Published in the same year as William Carlos Williams' Spring and All and Wallace Stevens' Harmonium, Jean Toomer's Cane is rarely mentioned in the American discourse on the development of Modernism in poetry. Gilles Deleuze considers Toomer's magnum opus a work of the rhizosphere, along with Gertrude Stein, William Faulkner, William James, W.E.B. Du Bois to name some--minor works of the American Canon perhaps attributable to the author's relation to American history. We can hardly consider these works minor today. Evincing the oft-misused expression--the times are changing. Cane has just been reprinted in a (much loved) Norton Critical Edition with a fascinating new study by Henry Louis Gates Jr. Toomer's work can no longer be ignored. His personal assertions of a liminal identity have resurfaced as an important topic of American consciousness.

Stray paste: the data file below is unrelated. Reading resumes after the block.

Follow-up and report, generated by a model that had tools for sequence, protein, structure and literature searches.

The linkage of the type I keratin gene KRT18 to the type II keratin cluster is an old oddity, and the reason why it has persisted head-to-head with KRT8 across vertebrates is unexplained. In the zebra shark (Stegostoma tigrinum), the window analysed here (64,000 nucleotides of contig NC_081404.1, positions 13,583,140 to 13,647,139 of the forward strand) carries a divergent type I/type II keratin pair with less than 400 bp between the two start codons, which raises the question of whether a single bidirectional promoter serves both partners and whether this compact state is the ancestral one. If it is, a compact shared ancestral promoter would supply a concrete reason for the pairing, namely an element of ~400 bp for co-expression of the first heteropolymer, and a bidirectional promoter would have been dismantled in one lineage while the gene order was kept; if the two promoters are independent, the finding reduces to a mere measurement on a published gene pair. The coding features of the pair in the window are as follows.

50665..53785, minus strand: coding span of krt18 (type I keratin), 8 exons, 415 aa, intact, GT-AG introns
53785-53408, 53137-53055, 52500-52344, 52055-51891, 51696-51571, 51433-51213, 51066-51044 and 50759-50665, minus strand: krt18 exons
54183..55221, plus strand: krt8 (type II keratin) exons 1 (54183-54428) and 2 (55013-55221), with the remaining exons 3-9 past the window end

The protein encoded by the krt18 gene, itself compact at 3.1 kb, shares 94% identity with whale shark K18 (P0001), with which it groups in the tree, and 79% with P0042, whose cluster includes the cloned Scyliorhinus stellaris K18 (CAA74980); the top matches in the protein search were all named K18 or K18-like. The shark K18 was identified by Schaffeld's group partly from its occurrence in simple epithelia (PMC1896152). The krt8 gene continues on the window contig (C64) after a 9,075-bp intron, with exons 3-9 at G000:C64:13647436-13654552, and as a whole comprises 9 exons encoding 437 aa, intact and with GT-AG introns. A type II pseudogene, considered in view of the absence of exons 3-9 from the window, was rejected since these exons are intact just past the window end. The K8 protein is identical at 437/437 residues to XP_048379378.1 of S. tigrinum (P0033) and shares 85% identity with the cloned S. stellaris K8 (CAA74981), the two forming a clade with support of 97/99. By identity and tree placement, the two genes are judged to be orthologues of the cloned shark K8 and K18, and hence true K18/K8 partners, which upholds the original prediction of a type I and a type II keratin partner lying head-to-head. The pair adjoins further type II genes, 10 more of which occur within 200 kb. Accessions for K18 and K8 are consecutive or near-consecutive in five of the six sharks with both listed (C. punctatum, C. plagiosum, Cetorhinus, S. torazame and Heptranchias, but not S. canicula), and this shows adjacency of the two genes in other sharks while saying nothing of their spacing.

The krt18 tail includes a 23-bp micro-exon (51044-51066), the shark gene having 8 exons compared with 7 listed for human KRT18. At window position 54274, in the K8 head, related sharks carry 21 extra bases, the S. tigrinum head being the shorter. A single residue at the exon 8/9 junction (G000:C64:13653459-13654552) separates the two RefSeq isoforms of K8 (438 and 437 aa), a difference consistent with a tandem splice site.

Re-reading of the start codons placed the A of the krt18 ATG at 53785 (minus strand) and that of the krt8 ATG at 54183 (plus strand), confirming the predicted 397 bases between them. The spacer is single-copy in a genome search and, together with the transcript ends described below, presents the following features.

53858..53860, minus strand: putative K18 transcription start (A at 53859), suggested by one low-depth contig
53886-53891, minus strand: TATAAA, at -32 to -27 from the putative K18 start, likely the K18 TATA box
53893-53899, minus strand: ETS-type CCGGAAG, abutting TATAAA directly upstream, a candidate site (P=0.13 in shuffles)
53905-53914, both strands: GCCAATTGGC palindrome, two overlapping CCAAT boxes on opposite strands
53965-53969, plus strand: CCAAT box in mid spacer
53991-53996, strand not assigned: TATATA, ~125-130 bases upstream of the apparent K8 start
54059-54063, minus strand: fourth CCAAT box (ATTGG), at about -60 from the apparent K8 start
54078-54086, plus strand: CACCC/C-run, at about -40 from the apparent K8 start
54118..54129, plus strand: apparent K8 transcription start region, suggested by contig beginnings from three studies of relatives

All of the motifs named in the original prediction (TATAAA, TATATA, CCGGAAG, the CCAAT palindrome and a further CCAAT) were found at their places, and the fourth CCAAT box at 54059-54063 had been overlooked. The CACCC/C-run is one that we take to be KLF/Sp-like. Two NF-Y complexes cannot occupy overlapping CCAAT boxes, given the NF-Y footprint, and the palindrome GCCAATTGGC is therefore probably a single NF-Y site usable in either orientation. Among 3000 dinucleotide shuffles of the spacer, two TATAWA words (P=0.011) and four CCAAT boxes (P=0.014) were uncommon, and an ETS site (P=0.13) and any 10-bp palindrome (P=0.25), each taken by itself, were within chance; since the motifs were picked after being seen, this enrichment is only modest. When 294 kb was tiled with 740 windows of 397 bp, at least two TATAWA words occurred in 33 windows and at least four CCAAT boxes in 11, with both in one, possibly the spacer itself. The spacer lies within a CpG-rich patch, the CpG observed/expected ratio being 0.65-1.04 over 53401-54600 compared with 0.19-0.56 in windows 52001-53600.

Cane is American Music is Black Music is Future Language is Today's Language.
You feel it or you don't. Either way, someone, somewhere is singing a black music. Young Iran, for example.
-Andrew E. Colarusso